There’s no denying that the Angular framework is becoming more and more pervasive in today’s programming culture. According to JavaScript, Angular has been used to develop high-traffic websites, including those from NBC, Walgreens, Intel, Sprint, ABC News, and thousands of others.

The framework’s popularity not only stems from its Google pedigree, but also because it’s easy to learn and has a vibrant community that you can leverage for assistance when you run into problems. Yet, while Angular is known for its simplicity and intuitive design, there are some core tenets that programmers should keep sacred when working with this framework.

Write singularly responsible Angular components. Follow the “Rule of 1” principle, which states you should define one component per file, recommended to be less than 400 lines of code. One component per file makes your code far easier to read and maintain, and to avoid collisions with teams using a source-control solution like Git or Mercurial. It also helps to avoid hidden bugs that often arise when combining components in a file where they may share variables, create unwanted closures, or form unwanted coupling with dependencies.


Use a consistent naming convention for your Angular components. Use consistent names for all components following a pattern that describes the component’s feature and then (optionally) its type. A recommended pattern for you to follow is feature.type.js.

There are two names for most assets: the file name (checkout.controller.js), and the registered component name with Angular (CheckoutController).

There’s a running joke in the industry that there are only two hard things in software development: cache invalidation, and naming things. Naming conventions help provide a consistent way to find content at a glance. Consistency goes a long way to help your project, team and company provide tremendous efficiency.

Wrap Angular components in an Immediately Invoked Function Expression (IIFE). Now that we’ve talked about keeping Angular components in separate files, let’s talk a little bit about how those files should be laid out. Wrap the entire file in an IIFE. This ensures that variable and function declarations do not live longer than expected in the global scope, which helps to avoid naming collisions with other libraries. It also allows you to utilize the “use strict” declaration without affecting third-party components that may not utilize “use strict”.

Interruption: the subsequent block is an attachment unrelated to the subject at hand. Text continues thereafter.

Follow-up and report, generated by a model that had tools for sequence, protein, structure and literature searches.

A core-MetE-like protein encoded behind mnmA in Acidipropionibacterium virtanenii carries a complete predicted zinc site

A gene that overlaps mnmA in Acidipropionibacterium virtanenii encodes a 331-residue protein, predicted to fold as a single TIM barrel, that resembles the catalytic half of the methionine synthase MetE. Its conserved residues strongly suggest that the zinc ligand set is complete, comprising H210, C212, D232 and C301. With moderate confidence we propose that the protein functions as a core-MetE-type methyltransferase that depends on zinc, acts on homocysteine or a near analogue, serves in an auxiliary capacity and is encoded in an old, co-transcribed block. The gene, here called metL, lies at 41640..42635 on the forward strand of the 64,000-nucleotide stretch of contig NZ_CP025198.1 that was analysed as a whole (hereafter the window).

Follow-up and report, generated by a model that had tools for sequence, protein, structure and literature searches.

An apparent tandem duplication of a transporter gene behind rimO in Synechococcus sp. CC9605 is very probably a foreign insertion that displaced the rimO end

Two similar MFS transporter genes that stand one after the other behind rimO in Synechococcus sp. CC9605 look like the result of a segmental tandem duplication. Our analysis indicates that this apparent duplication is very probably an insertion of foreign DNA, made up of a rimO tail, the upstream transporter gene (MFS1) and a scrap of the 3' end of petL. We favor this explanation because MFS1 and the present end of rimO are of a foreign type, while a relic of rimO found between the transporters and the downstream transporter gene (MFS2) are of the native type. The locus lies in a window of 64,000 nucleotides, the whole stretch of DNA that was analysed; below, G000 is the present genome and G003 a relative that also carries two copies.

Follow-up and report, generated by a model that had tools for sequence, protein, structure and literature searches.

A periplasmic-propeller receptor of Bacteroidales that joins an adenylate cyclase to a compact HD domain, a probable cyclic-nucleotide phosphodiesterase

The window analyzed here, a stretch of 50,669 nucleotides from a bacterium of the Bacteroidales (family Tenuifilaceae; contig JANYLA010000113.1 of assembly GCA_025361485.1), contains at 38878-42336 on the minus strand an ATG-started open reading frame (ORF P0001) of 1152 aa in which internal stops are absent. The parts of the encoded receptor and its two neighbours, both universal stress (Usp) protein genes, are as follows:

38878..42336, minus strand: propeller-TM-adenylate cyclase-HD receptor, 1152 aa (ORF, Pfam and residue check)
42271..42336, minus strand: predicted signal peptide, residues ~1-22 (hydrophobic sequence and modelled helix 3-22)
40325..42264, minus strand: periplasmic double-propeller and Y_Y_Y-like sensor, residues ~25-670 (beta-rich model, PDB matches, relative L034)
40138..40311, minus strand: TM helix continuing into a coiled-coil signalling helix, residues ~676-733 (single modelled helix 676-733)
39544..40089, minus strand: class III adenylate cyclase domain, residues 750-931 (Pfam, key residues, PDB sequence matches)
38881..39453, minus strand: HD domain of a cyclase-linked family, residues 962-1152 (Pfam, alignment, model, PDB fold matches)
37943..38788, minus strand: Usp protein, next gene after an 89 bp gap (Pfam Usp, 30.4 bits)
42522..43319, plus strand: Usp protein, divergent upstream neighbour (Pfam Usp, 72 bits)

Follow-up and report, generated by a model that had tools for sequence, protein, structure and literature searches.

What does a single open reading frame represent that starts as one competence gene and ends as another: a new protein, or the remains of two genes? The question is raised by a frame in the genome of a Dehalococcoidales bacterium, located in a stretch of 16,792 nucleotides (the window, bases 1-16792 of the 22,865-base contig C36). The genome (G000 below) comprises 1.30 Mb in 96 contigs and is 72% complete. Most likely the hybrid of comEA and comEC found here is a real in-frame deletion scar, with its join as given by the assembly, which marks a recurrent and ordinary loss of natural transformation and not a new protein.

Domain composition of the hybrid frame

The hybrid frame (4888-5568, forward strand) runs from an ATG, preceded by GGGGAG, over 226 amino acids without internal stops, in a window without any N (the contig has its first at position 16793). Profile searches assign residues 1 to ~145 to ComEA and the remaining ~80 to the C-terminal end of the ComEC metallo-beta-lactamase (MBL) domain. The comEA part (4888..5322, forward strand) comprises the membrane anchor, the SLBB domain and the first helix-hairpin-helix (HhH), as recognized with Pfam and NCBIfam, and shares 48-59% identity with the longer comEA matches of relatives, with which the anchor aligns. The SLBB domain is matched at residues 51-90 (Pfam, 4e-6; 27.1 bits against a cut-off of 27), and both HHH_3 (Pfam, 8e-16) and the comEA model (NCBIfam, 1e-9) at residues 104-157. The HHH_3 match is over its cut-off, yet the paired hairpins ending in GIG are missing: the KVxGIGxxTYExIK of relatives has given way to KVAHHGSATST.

Keep data calls in a factory, not in the controller. You should keep logic for making data operations and interacting with data in a data service, contained in an Angular factory rather than in an Angular controller. Make data services responsible for XHR calls, local storage, stashing in memory, or any other data operation you can think of, and inject those into your Angular controller.

The controller’s responsibility is for the presentation and gathering information to/from your HTML. It should not care how it gets the data, just that it knows whom to ask for it. This will not only simplify the code in your controllers, but also make it easier to unit-test your controllers by being able to pass in a mock data service, which is simpler than mocking the $http service.


Write minification-safe Angular components. Minification is the act of compressing client code delivered by a server so that the file size is lower. If you have a lot of user load on your web application, this will help your server handle more requests with fewer resources. For Angular code to be correctly minified, avoid using the shortcut syntax of declaring dependencies without using a minification-safe approach like this: